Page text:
Poster Session C, Sunday, March 24, 5:00 – 7:00 pm, Pacific Concourse
Verbal and Visual Memory in Metabolic Versus Control Participants Across the Adult Lifespan
Tracey Slonim1, Andres Fiello1, Lori Haase-Alasantro2, Claire Murphy1,2; 1San Diego State University, 2University of California, San Diego
Metabolic syndrome(MetS) is an established risk factor for developing dementia.Extant literature demonstrates a relationship between poor vascular health and decreases in cognitive functioning for older adults.This research will examine neuropsychological test performance in young, middle-aged, and older adults with and without MetS.Participants were categorized by age and metabolic status as follows:Young:n=42,52.4%Metabolic; Middle-Age:n=41,56.1%Metabolic; Older:n=45,51.1%Metabolic. Participants were administered the following cognitive assessments as part of a larger study:California Verbal Learning Test-II(CVLT-II) and Brief Visuospatial Memory Test-Revised(BVMT-R). Multivariate analyses of variance were used to examine the relationship between age group, metabolic status, and neuropsychological test performance. Bonferroni post-hoc analyses were used to determine significant differences on performance between age groups.As expected, there were main effects of age on all neuropsychological tests administered.The CVLT-II total list learning[F(1,111)=6.75,p=.002,eta-squared=.110], short delay free [F(1,111)=8.41,p<.001,eta-squared=.134], and cued recall [F(1,111)=6.03,p=.003,eta-squared=.100], and long delay free [F(1,111)=10.18,p<.001,eta-squared=.157],and cued recall performances[F(1,111)=5.93,p=.004,eta-squared=.098], were significantly different between age groups.The young adults performed significantly better than the older adults on the CVLT-II overall(p<.05).BVMT-R total learning [F(1,108)=10.94,p<.001,eta-squared=.171], and delayed recall[F(1,108)=5.35,p=.006,eta-squared=.092] performances were significantly different between age groups.Young adult performance was significantly higher on BVMT-R total learning compared to middle and older adult performances(p=.039 and p<.001, respectively).Young adults also scored significantly better on BVMT-R delayed recall compared with older adults(p=.004).There were no main effects of MetS, nor significant interactions between metabolic status and age group.Consistent with the current literature, memory decreases significantly in older adults.The sequelae of MetS may not manifest until later in life and may be overshadowed by the impact of aging on memory.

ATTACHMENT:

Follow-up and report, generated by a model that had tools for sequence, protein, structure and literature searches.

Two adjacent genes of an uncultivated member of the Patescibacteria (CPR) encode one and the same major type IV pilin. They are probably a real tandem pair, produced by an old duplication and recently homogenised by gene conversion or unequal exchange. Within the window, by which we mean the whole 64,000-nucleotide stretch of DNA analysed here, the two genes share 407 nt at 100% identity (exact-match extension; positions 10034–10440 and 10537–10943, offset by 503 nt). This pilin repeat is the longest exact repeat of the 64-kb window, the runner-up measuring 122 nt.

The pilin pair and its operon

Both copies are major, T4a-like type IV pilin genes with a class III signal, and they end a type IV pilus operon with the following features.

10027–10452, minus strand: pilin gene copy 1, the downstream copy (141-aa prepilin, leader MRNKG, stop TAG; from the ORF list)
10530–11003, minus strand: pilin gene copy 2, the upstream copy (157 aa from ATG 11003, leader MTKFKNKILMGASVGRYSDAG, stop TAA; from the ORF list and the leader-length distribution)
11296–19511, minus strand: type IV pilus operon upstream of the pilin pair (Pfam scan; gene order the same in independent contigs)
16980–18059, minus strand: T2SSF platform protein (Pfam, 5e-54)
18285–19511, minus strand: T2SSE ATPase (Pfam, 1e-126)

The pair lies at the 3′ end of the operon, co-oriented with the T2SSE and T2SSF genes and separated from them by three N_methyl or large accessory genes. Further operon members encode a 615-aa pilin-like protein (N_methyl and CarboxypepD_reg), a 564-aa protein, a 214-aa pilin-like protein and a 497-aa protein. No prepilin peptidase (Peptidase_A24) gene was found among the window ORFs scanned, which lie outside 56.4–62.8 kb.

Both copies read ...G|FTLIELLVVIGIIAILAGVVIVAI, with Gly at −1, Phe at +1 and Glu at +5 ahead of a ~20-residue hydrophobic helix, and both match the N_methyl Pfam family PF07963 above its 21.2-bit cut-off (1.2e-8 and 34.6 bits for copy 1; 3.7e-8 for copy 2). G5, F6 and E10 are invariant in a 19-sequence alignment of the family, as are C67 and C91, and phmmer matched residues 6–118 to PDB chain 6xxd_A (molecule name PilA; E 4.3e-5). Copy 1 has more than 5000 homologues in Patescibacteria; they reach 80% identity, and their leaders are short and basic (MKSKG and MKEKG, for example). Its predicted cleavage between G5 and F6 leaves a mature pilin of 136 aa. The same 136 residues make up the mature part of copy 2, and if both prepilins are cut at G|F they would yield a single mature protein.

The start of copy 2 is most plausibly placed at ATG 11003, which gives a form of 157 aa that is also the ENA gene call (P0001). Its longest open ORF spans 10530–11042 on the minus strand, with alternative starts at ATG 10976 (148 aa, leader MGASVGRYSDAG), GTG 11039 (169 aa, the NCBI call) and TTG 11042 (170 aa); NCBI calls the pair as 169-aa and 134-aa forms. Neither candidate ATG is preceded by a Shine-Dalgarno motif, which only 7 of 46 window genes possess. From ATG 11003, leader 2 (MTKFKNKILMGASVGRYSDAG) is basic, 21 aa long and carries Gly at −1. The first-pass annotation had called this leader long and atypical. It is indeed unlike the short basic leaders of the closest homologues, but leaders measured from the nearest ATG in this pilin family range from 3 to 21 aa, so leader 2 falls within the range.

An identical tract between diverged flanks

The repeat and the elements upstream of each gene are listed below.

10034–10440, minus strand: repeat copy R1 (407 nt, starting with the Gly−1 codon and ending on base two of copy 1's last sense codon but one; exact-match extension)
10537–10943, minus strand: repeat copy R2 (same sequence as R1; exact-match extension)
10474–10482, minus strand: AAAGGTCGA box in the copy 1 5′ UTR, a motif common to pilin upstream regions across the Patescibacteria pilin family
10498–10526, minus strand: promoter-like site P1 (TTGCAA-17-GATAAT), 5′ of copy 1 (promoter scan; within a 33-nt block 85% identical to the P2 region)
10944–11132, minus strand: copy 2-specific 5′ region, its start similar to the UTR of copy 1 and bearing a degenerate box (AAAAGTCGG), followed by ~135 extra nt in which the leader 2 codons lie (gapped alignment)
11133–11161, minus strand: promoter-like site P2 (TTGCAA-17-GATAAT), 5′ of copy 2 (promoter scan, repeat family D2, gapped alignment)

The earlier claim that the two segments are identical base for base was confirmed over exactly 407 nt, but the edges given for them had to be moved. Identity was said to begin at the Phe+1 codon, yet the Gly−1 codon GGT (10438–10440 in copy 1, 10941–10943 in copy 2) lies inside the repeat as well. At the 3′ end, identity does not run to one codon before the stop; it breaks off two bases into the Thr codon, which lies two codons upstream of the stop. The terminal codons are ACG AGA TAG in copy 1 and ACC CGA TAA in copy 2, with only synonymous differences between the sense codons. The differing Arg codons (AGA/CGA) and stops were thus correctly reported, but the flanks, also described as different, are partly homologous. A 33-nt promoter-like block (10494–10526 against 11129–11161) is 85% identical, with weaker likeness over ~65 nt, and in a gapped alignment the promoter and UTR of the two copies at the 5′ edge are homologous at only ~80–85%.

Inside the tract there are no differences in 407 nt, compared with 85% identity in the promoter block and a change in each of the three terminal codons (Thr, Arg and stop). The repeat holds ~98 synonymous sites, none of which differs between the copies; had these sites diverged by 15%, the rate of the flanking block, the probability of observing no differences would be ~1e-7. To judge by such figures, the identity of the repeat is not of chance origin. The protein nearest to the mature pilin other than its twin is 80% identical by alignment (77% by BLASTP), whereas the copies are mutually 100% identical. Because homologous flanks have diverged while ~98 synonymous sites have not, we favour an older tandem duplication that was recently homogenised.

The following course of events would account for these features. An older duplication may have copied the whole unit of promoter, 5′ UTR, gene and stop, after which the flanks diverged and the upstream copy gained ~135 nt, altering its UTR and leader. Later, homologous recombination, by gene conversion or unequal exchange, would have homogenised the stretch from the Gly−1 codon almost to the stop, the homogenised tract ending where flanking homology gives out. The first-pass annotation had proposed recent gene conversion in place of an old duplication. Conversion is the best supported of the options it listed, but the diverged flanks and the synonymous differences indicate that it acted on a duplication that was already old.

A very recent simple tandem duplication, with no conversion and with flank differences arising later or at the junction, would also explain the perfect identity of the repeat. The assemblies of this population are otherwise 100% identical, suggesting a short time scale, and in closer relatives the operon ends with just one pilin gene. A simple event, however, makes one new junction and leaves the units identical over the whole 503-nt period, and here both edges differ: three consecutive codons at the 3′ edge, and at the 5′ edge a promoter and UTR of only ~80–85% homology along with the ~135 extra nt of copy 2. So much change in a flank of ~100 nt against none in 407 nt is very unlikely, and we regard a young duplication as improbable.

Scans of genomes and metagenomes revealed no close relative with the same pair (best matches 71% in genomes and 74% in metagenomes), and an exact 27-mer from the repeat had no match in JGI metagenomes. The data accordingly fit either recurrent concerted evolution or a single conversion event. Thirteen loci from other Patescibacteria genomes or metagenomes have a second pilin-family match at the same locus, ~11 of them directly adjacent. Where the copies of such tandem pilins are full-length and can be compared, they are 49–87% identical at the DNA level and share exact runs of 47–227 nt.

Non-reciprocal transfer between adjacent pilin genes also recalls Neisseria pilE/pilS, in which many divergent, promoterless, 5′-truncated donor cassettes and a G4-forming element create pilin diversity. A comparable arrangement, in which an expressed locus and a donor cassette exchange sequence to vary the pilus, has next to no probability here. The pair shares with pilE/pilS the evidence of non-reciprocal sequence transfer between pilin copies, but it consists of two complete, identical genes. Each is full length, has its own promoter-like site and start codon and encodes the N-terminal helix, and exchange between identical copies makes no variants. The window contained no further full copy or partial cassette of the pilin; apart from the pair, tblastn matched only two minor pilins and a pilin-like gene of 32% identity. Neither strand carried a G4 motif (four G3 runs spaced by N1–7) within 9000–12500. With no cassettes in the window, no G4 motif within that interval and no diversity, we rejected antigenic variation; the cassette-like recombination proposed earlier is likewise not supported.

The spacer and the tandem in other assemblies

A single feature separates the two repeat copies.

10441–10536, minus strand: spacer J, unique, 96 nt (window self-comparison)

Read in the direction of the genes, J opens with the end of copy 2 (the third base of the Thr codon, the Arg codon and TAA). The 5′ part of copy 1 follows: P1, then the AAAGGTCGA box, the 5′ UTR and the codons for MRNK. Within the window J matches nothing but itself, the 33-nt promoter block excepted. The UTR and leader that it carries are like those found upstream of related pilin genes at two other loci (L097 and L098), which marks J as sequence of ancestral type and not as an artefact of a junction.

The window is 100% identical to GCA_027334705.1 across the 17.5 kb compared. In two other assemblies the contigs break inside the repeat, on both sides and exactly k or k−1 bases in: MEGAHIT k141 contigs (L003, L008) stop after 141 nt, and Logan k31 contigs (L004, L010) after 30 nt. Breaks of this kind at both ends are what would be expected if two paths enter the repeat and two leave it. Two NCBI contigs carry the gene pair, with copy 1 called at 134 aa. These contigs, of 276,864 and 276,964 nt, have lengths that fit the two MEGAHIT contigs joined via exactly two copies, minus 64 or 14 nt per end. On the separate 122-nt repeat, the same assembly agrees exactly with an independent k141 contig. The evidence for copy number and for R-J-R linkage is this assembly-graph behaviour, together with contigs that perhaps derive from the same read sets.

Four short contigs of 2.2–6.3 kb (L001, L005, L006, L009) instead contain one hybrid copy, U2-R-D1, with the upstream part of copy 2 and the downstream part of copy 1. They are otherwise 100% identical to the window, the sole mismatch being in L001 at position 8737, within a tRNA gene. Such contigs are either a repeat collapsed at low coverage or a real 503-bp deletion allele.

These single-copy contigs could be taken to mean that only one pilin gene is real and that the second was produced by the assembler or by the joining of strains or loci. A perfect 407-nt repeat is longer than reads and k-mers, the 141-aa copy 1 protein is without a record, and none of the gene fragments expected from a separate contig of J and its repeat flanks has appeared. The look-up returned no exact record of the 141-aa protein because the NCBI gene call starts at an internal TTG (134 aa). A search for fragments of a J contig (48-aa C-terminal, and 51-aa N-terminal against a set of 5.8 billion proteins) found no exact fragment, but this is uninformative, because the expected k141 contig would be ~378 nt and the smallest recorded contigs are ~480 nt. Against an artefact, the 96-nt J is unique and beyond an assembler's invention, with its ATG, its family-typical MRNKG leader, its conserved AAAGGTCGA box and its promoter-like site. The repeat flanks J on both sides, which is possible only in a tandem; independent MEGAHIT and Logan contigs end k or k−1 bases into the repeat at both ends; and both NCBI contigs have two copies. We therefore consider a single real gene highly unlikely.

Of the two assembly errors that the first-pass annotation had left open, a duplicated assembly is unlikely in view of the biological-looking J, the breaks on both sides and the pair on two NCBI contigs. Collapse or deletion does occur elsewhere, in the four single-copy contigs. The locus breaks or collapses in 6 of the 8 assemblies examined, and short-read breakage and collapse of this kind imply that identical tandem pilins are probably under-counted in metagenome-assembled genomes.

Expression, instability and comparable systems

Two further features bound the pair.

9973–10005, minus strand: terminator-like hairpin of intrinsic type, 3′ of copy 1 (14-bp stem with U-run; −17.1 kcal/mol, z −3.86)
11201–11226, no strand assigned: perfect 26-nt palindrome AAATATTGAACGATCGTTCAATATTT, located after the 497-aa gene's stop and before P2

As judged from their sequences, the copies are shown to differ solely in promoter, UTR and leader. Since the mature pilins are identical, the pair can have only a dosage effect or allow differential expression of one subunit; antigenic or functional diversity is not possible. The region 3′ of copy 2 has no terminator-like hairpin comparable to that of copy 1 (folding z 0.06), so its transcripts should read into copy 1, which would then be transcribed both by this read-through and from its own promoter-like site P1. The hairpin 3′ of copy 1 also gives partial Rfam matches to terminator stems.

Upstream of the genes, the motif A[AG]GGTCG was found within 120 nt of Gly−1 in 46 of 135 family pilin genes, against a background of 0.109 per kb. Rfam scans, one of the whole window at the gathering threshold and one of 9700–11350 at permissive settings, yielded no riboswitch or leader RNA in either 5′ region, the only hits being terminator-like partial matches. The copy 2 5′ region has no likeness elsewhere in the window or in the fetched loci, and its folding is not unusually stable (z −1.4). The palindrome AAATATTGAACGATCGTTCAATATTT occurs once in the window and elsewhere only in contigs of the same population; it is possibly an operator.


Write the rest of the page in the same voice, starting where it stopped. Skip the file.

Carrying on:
Topic Area: LONG-TERM MEMORY: Development & aging